A trip to Uganda generally begins and ends in Entebbe, where the banks of the largest lake in Africa, Lake Victoria, serve as a welcome mat. A visitor wouldn’t realize at first glance that this wet, lush, alive, and green vista is an inaccurate impression of Uganda further inland and away from this expansive reservoir that feeds the life-giving Nile. As one travels out into the wildly diverse expanse of Uganda’s territories, there lies terrain defined by dryness.
The Colonial and Cultural History of Uganda
In Uganda, remnants of history are visceral. The kingdoms of Buganda, Kitara, and Karagwe, which inhabited and ruled the land long before Arab and Indian traders, British explorers, and Christian missionaries came to lay their claims on the region, are still omnipresent in the ethnic groups that stronghold territories of this culturally diverse country. Uganda is a patchwork of different dialects, ecosystems, and societies.
However, it is also a place where socio-economic status is defined by a person’s access to water. Those that don’t have easy access to water travel miles a day to the nearest water source which is often unclean. As a result, limited access to water causes health issues and limits opportunities for education and economic advancement, especially for women and girls, due to the amount of time dedicated to retrieving water.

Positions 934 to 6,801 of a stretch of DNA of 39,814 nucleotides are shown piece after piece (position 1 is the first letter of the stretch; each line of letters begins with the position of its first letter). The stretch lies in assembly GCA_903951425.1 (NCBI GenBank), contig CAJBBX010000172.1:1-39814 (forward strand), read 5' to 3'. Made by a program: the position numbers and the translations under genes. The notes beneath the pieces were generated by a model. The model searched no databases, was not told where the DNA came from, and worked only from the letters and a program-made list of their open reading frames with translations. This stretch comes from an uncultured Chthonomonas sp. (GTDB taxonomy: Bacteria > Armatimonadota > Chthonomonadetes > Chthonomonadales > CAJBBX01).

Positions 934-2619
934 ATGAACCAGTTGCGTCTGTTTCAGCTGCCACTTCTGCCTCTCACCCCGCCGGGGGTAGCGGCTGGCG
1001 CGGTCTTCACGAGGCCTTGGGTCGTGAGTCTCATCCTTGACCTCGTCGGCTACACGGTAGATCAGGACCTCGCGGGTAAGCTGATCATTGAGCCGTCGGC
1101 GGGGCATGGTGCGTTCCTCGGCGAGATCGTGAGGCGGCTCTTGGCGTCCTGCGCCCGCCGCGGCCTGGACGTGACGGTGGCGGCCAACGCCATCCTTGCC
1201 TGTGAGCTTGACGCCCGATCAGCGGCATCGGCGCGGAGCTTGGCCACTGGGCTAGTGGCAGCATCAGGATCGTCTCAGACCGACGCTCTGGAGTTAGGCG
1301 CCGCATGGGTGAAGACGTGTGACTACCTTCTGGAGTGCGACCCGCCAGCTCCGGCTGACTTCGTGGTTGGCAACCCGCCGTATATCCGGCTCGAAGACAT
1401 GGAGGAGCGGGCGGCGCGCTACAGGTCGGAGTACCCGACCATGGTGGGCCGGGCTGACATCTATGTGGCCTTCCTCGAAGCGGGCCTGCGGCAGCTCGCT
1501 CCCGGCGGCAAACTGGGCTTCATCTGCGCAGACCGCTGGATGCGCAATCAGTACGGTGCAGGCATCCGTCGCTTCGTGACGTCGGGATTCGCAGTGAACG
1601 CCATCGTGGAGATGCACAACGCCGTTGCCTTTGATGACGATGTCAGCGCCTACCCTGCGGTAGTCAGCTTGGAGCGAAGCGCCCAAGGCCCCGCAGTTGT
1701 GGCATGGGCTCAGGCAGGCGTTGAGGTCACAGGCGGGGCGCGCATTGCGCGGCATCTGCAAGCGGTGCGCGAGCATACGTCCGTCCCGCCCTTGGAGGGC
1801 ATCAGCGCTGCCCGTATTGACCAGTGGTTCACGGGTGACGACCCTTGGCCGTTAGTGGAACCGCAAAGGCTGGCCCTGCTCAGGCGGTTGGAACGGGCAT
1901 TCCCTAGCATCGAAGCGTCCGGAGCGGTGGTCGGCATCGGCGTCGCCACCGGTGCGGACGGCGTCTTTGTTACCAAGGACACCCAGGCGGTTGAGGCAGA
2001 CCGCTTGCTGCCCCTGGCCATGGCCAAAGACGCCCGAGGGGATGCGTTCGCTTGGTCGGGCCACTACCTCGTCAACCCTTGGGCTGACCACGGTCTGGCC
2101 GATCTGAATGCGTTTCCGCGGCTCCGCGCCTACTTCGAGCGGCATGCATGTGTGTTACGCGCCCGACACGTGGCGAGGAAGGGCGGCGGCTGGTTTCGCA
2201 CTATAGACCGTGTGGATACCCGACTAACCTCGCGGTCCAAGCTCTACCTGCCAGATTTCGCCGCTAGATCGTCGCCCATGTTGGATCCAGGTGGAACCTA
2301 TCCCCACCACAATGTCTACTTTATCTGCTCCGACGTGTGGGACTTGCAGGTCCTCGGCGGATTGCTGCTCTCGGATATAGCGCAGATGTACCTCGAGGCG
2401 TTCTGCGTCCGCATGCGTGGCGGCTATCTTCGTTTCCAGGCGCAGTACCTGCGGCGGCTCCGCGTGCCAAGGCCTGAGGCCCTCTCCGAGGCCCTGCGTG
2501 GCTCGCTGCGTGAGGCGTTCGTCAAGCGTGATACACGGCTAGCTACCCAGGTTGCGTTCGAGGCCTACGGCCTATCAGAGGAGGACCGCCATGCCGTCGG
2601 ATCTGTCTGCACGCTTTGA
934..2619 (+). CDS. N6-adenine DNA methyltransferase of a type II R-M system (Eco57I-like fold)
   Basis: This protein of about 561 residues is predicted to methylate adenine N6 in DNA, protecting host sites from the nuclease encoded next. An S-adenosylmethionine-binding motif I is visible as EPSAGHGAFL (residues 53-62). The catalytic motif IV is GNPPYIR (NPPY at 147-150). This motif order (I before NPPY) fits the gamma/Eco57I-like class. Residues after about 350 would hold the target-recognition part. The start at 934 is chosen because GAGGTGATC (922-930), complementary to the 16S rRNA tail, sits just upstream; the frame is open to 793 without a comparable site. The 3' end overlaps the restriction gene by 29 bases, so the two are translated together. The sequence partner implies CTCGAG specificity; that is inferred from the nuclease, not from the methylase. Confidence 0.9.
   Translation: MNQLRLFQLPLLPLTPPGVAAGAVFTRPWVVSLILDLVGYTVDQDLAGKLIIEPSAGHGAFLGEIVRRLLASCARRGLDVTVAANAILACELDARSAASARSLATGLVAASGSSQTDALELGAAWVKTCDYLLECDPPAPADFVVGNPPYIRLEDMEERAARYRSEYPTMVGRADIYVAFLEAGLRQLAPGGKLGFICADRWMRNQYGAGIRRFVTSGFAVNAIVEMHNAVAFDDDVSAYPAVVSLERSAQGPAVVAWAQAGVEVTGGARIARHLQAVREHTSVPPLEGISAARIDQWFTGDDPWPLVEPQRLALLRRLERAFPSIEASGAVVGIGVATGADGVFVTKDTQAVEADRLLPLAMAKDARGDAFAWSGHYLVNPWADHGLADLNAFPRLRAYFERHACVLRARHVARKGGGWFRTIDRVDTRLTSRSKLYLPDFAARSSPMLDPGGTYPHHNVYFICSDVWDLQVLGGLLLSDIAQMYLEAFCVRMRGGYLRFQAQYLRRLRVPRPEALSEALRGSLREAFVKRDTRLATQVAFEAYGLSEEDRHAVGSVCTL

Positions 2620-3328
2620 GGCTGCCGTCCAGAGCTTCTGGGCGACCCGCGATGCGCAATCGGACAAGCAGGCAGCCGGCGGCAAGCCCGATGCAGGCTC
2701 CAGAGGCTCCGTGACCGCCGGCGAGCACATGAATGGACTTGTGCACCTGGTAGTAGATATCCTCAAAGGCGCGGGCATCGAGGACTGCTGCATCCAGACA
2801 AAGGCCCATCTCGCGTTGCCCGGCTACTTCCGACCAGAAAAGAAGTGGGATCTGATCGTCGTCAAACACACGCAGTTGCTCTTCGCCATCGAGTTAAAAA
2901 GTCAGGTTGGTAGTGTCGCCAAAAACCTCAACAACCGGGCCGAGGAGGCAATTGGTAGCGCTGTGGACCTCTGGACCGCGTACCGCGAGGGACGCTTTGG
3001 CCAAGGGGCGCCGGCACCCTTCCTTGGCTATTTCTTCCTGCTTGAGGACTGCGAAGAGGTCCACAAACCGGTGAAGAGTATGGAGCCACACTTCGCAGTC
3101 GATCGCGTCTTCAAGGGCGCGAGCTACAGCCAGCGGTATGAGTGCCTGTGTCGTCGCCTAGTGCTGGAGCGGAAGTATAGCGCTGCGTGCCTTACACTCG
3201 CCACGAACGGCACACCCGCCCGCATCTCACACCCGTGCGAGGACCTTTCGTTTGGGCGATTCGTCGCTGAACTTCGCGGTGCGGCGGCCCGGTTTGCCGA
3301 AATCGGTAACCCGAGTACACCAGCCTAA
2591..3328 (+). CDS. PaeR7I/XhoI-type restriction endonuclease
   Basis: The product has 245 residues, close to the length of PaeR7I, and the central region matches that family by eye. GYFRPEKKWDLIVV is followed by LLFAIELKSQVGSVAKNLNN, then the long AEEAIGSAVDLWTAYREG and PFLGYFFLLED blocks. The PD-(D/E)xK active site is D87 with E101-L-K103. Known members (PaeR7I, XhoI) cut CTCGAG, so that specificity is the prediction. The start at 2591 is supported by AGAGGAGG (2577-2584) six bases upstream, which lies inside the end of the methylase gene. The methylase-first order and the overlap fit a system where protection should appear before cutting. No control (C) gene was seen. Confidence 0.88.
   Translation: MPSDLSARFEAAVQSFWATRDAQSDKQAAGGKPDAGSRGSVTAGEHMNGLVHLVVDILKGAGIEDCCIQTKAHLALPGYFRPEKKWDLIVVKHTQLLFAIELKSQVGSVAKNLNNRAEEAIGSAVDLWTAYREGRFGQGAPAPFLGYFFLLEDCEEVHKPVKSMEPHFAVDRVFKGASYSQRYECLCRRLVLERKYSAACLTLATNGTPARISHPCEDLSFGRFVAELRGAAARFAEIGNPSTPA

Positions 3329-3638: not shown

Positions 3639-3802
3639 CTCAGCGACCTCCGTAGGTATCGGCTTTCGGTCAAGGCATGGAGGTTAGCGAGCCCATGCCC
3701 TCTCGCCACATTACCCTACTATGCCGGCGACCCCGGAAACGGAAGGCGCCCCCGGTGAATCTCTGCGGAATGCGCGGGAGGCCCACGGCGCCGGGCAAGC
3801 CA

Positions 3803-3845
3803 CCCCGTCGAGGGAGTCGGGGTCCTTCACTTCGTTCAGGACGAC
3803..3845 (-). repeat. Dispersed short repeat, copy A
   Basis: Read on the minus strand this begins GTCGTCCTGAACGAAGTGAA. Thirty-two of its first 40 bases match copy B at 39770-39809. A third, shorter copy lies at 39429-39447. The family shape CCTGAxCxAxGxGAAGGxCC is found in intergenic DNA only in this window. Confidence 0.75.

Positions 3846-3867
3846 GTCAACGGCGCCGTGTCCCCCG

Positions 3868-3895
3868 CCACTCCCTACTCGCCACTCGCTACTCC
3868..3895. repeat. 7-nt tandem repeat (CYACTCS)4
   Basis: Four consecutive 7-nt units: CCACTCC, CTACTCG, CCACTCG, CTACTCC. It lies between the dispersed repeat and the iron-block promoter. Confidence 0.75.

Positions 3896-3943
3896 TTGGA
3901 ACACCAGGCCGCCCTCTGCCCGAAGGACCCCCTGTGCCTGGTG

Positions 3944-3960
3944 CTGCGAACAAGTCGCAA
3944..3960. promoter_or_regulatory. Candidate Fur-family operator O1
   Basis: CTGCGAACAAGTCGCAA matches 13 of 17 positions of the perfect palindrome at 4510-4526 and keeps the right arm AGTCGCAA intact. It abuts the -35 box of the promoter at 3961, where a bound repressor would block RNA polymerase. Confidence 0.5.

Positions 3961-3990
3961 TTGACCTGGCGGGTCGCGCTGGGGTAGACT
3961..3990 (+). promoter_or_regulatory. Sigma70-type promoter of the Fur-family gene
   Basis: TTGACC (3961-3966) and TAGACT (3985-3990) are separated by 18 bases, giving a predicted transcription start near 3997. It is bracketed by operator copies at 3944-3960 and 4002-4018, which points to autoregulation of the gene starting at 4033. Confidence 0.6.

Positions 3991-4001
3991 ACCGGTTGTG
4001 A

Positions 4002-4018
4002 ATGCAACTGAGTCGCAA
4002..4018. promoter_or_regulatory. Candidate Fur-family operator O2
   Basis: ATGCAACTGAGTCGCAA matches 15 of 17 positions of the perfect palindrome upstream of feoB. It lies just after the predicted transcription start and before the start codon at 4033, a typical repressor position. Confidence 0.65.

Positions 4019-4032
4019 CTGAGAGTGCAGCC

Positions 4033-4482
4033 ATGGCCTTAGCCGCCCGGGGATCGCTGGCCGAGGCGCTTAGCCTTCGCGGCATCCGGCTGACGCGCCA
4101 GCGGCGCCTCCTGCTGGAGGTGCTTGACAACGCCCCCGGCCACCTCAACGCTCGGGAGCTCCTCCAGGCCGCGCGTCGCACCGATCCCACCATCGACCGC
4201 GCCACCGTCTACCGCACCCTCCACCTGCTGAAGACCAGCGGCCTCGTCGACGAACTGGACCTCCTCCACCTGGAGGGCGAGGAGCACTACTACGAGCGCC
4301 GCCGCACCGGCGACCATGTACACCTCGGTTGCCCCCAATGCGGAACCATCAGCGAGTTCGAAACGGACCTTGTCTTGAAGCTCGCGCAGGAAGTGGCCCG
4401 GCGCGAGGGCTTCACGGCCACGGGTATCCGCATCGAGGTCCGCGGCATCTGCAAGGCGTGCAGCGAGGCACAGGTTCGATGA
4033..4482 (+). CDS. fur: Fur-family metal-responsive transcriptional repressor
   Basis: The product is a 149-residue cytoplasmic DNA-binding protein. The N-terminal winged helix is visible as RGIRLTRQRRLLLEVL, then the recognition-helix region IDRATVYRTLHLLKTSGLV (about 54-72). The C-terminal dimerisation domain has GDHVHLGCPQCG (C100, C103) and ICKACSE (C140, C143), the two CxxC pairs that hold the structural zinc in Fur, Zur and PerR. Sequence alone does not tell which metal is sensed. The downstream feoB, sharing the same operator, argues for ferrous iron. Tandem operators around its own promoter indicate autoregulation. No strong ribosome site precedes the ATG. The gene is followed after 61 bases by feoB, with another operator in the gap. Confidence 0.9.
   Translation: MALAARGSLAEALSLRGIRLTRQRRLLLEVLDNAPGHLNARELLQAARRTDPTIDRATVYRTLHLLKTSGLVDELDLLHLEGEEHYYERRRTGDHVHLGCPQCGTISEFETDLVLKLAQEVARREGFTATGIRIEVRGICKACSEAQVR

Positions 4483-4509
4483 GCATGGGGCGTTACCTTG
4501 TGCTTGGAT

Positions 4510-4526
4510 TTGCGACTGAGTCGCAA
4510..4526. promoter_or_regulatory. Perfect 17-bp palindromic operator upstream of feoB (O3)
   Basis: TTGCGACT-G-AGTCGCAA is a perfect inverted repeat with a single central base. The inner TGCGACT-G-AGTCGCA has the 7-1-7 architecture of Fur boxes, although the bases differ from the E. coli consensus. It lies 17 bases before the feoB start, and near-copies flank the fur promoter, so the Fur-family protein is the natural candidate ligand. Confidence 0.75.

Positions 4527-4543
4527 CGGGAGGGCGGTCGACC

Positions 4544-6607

Uganda was created with little regard for the ethnic groups that inhabit the area. Like many coastal African countries, the territory of Uganda was established by the Berlin Conference of 1884-1885. This conference was attended by colonizing powers on the continent such as France, Germany, Great Britain, and Portugal. As a result, countries were created not based on existing African societies but rather on the territorial desires of the Europeans. There are four major African language groupings within Uganda’s boundaries: the Bantu, the Eastern Nilotic, the Western Nilotic, and the Central Sudanic. Within these groups, there are forty or more distinct, independent societies.
The creation of geopolitical lines which spliced tribes apart and knitted incompatible groups together without distinction caused cultural destruction that is still evident today. Uganda is a place where intergroup conflicts, in addition to epidemics and climate change crises, are prevalent. These issues have held the Ugandan people in a deadly cycle of poverty since the beginning of the region’s colonization nearly 160 years ago.